Figure 8. PM 2.5 Diurnal Plots – Weekends Fixed Monitors Table 4. Summary of PM

Figure 8. PM2.5 Diurnal Plots – Weekends Fixed Monitors

Table 4. Summary of PM10 Concentrations at Three Fixed Sites

 
   

PM10 (1-hour)

3 rd Ave

ACHD

Ezra Prentice

Mean (µg/m 3 )

14.67

16.56

20.05

Median (µg/m 3 )

13.40

14.64

16.61

Max (µg/m 3 )

74.00

149.30

252.90

Min (µg/m 3 )

0.80

0.70

1.15

Number of hours measured

8,427

11,608

11,602

Data completeness, %

85

99.3

99.3

Figure 9. PM 10 Diurnal Plots – Weekdays Fixed Monitors Figure 10. PM 10 Diurnal

Figure 9. PM10 Diurnal Plots – Weekdays Fixed Monitors

Figure 9. PM 10 Diurnal Plots – Weekdays Fixed Monitors Figure 10. PM 10 Diurnal Plots

Figure 10. PM10 Diurnal Plots – Weekends Fixed Monitors

Ultrafine Particles

Fixed Stations – Third Ave, Ezra Prentice and ACHD

 

Table 5. Summary of Ultrafine Particles at Three Fixed Sites

 
   

UFP (1-hour)

3 rd Ave

ACHD

Ezra Prentice

Mean (number/cm 3 )

8,188

9,834

9,438

Median (number/cm 3 )

7,319

8,517

8,113

Max (number/cm 3 )

59,538

78,250

78,689

Min (number/cm 3 )

477

226

627

Number of hours measured

8,969

11,032

10,350

Data completeness, %

90.5

94.4

88.6

10,350 Data completeness, % 90.5 94.4 88.6 Figure 11. Ultrafine Particles Diurnal Plots – Weekdays

Figure 11. Ultrafine Particles Diurnal Plots – Weekdays Fixed

Figure 12. Ultrafine Particles Diurnal Plots – Weekends Fixed Portable Stations – Ezra Prentice and

Figure 12. Ultrafine Particles Diurnal Plots – Weekends Fixed

Portable Stations – Ezra Prentice and Southern Blvd

Table 6. Summary of Ultrafine Particles at Ezra Prentice Portable Stations 1–6 and Fixed Monitoring Station

 

Ultrafine

   

Ezra

       

Particles

Prentice

(1-minute)

Portable 1

Portable 2

Monitor

Portable 3

Portable 4

Portable 5

Portable 6

Distance from

             

road (ft)

445

83

66

12

14

142

227

Side of road

West

West

West

West

East

East

East

Mean (#/cm3)

7,132

9,402

9,890

10,136

14,004

11,033

9,578

Median

             

(#/cm3)

5,468

9,086

8,669

9,065

11,462

8,940

7,584

Max (#/cm3)

41,980

38,993

63,600

90,401

82,733

69,647

66,752

Min (#/cm3)

1,490

1,086

1,900

1,646

2,525

1,811

2,399

Number of

             

minutes

1500

1500

1500

1500

1500

1500

1500

measured

An hourly average comparison of portable mini-stations and the Ezra Prentice fixed monitor is available in Appendix C.

Table 7. Summary of Ultrafine Particles at Southern Boulevard Portable Stations 1–6

 
   

Ultrafine Particles

Portable 1

Portable 2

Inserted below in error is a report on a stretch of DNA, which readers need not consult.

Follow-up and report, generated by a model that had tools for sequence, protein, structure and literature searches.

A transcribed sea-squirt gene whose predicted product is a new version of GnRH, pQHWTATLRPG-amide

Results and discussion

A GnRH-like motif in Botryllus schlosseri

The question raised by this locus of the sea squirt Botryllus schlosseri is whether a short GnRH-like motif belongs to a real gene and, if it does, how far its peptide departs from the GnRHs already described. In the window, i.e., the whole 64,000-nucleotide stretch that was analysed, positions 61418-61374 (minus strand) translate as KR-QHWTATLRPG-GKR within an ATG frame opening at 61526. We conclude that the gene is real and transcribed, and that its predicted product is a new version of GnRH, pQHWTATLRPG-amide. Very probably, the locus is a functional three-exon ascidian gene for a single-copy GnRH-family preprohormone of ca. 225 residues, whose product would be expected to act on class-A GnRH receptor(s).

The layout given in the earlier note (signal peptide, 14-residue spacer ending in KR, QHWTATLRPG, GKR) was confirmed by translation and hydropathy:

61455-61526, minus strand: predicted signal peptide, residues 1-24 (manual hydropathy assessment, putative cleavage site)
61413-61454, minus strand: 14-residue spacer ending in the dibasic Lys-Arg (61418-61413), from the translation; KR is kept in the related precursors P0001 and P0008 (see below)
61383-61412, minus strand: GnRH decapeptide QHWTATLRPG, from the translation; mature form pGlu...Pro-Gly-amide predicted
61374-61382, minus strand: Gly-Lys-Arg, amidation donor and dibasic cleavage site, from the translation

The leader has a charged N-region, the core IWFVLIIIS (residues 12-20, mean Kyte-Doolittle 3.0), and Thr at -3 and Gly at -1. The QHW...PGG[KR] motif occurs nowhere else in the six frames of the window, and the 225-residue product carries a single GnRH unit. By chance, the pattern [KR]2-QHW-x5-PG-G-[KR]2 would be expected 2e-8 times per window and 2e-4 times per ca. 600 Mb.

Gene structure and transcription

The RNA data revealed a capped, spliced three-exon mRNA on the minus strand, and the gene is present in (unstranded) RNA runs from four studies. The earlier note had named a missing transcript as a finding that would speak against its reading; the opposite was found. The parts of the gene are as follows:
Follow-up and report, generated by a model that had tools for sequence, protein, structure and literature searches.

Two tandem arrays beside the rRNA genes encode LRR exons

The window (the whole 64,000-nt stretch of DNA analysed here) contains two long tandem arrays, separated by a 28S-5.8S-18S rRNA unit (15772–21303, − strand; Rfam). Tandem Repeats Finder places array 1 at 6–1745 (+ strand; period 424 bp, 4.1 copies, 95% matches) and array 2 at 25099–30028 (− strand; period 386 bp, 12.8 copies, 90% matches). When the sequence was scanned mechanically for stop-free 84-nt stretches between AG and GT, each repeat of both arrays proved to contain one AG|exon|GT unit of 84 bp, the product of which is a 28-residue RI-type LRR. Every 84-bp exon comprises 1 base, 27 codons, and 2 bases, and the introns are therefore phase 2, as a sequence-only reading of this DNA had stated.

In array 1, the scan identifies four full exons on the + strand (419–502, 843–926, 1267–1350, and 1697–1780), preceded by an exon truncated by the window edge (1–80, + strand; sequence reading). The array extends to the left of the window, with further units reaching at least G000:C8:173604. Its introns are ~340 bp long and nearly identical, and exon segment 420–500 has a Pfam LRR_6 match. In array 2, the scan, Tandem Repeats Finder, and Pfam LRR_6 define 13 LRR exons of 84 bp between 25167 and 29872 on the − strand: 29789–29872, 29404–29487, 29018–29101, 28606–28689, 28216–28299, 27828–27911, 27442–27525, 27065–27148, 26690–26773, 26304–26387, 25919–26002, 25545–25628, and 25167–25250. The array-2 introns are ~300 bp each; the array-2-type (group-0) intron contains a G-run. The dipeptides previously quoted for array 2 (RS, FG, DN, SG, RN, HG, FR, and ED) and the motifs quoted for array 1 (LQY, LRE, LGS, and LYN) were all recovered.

Portable 3

Portable 4

Portable 5

Portable 6

(1-minute)

Distance from road (ft)

202

83

16

17

84

185

Side of road

South

South

South

North

North

North

Mean (#/cm 3 )

6,259

7,405

7,613

5,970

4,248

5,481

Median (#/cm 3 )

6,346

6,931

7,010

3,957

3,505

4,723

Max (#/cm 3 )

36,574

105,264

121,952

55,214

19,584 59

33,959

Min (#/cm 3 )

1,427

1,867

1,445

1,152

0

1,441

Number of minutes measured

1500

1500

1500

1500

1500

1500

Black Carbon

Fixed Stations – Third Ave, Ezra Prentice, and ACHD

Table 8. Summary of Black Carbon Concentrations at Three Fixed Sites

BC (1-hour)

3 rd Ave

ACHD

Ezra Prentice

Mean (µg/m 3 )

0.46

0.62

0.56

Median (µg/m 3 )

0.35

0.46

0.44

Max (µg/m 3 )

7.18

12.56

7.46

Min (µg/m 3 )

0

0

0

Number of hours measured

9,806

11,564

11,544

Data completeness, %

98.9

98.9

98.8

59 Station 5 data at Southern Boulevard was low compared to other observations for a single day (8-21-18). A significant amount of daily variation was observed in the study, and other location-based factors may have influenced the measurements at Station 5. However, an instrument intercomparison suggested that the low readings were most likely due to instrument performance issues on this date.

Figure 13. Black Carbon Diurnal Plots – Weekdays Fixed Figure 14. Black Carbon Diurnal Plots

Figure 13. Black Carbon Diurnal Plots – Weekdays Fixed

Figure 13. Black Carbon Diurnal Plots – Weekdays Fixed Figure 14. Black Carbon Diurnal Plots –

Figure 14. Black Carbon Diurnal Plots – Weekends Fixed

Table 9. Summary of Black Carbon Concentrations at Ezra Prentice Portable Stations and Fixed Station

 

Black Carbon

 

Ezra Prentice

 

(1-minute)

Portable Station 3

Fixed Monitor

Portable Station 2

Distance from road (ft.)

12

66

83

Side of road

West

West

West

Mean (µg/m 3 )

0.82

0.75

0.51

Median (µg/m 3 )

0.56

0.63

0.40

Max (µg/m 3 )

35.95

9.43

6.47

Min (µg/m 3 )

0.01

0.01

0.01

Number of minutes measured

1500

1500

1500

An hourly average comparison of the portable mini-stations and the Ezra Prentice fixed monitor is available in Appendix C.

Table 10. Summary of Black Carbon Concentrations at Southern Boulevard Portable Stations

 

Black Carbon

   

(1-minute)

Portable Station 4

Portable Station 5

Distance from road (ft.)

12

83

Side of road

North

North

Mean (µg/m 3 )

0.61

0.45

Median (µg/m 3 )

0.41

0.26

Max (µg/m 3 )

7.52

5.26

Min (µg/m 3 )

0.02

0.00

Number of minutes measured

1500

1500

Nitrogen Oxides

Fixed Stations – Ezra Prentice

 

Table 11. Summary of Nitrogen Oxides at Ezra Prentice

 
   

Ezra (1-hour)

NO

NO2

NOx

Mean (ppb)

4.76

8.83

13.61

Median (ppb)

1.5

6.6

8.4

Max (ppb)

238.4

61.2

281

Min (ppb)

0

0.5

0.7